The steelworkers’ union argues against Chinese solar panels on the grounds that they are subsidized by the Chinese government and other countries do similar things, yet the U.S. does not. We should support a domestic solar and wind power industry in the United States, but I think we need to encourage a global competition for which countries subsidize their climate-protecting industries the most. I’d like to see international agreement and cooperation on every country benefiting out of expanding their climate protection industries.

As with growth, we should be able to say what should be global or local. It makes complete sense to do food production where it’s suitable as locally as possible. That’s no reason that we shouldn’t have global agreements to reduce greenhouse gasses and that we shouldn’t have as much sharing of technology as possible so that that technology can benefit people all over the world. We should all be sharing that technology and not trying to keep it secret.

Certainly there’s no way to simply undo globalization, yet we also understand that globalization has exacerbated inequality around the world. How do we move forward, understanding that globalization is this contradictory force?

Resources and people are distributed unequally around the world. More importantly, there are very few places in the world where people can’t grow their own food. What they need are the resources and the support systems and the financing. We need to make the local food movement be not turning our backs on people who can’t grow local foods. Even under global warming, it won’t be impossible to grow food in Africa—it will just be more difficult. Some importing will be necessary even in the long run.

That raises the other big question: What are the global responsibilities of people in those countries that have the greatest responsibility for causing climate change and in those countries that have excessive wealth? Part of having a global strategy for climate change protection is to think about how to do that.

At the pit of the Great Recession, all of a sudden the IMF and the U.S. Treasury and so on suddenly started coming out for governments to run billions and trillions of dollars in deficits to counter the Great Recession and what they feared was the collapse of capitalism. The IMF actually came out for using special drawing rights or paper gold—which is the way you do Keynesian expansion in the global economy, the same way you do government deficits in the national economy.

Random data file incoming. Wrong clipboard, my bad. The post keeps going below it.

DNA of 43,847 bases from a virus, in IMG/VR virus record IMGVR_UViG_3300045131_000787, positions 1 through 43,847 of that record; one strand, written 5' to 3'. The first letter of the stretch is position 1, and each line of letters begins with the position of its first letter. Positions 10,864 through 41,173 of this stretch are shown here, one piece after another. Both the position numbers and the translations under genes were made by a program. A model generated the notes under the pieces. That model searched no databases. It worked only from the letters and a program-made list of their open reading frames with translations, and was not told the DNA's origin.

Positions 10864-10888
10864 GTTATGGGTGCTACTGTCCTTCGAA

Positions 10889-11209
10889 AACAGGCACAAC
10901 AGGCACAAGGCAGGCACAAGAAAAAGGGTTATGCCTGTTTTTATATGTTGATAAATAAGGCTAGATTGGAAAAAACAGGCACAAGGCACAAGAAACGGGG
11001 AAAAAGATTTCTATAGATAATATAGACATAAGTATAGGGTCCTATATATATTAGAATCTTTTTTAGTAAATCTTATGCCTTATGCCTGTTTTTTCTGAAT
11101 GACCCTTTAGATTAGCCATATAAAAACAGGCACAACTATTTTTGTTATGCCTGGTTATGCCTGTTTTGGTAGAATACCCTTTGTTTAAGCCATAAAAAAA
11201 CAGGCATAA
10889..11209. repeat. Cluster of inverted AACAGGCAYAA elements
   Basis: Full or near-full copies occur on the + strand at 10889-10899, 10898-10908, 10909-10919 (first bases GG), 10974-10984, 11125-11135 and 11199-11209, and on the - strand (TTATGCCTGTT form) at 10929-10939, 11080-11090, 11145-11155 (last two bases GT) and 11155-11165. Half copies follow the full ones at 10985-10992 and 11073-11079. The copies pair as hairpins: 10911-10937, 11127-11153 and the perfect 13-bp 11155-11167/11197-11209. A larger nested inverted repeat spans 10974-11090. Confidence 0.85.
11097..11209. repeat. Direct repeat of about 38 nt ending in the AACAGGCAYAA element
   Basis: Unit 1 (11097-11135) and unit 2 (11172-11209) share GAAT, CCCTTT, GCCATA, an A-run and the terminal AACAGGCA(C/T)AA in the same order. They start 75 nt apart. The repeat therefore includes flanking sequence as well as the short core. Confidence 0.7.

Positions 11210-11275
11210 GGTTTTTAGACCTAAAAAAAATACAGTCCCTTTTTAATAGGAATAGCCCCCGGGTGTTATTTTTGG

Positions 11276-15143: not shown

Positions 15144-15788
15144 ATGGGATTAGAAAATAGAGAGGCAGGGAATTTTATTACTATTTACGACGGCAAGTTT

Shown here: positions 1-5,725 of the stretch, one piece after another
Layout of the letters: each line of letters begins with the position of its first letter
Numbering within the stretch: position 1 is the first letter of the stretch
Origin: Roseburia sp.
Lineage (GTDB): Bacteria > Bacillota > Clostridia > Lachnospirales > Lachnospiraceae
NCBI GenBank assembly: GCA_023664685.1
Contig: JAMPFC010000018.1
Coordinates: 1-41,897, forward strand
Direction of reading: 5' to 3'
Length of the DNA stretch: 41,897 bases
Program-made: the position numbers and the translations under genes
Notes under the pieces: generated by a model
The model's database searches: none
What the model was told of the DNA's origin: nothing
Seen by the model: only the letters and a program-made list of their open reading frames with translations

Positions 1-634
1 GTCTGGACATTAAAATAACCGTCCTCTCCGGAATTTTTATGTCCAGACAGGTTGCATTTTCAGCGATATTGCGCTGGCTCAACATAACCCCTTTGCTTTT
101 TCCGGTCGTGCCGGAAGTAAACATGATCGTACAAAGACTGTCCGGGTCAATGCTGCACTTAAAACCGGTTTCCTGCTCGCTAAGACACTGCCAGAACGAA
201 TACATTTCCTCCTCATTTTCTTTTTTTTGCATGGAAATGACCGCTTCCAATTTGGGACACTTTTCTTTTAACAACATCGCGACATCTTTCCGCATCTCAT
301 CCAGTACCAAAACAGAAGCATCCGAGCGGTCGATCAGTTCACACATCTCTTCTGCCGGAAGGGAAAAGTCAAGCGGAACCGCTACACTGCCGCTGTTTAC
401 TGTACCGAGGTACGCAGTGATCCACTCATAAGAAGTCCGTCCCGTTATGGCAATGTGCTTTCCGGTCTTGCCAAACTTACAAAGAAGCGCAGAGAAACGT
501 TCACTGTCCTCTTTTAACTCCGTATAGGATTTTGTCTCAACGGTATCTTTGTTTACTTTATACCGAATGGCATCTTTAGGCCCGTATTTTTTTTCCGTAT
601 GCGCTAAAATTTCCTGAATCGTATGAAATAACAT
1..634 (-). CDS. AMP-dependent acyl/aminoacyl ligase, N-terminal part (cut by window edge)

I think that represents a direction forward for creating a situation where you can have growth of the things we want, like living standards and climate protection based on reversing austerity and having a global economic policy and forms of cooperation instead of each country trying to squeeze the others, seeing that there’s a benefit for everyone in economic growth of the right kind.

How is the just transition going to address both not hurting the workers in their current jobs, but also giving access to good paying union jobs to workers who historically have been excluded from them—specifically women, people of color, queer workers and immigrants?

What we are trying to do with the climate jobs plan in my state is very oriented towards that. We are holding a gathering in a couple of weeks focused on what we want in the jobs program, in the climate action program for the state. We are having someone from the coalition for environmental justice and also someone who has been involved in creating the jobs pipeline for the city of New Haven talking about how we create a jobs pipeline for our state, which has some of the poorest urban areas in the country, even though it’s one of the richest states by some standards.

But none of this has been done on a big enough scale. I think it needs to be part of thinking about a planned approach—thinking about how to move people who have been excluded from the labor market into entry-level jobs and how to move people who have lousy jobs into better jobs, and how to do all of this in such a way that you create a growing, stable sector. Same thing with union workers: How do you make it so it’s not just a flash in the pan, but instead make the climate protection jobs sector become part of the pushback against the casualization of work, the whole destruction of job security? I would like to see conscious, deliberate planning to make that a growing sector in which we re-establish the principle that job security is an essential part of a decent life.

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PAUSE works to promote safe, sustainable energy and environmental justice.  We aim to engage the greater public to stop the fossil fuel industry's assault on the people of Albany and our environment.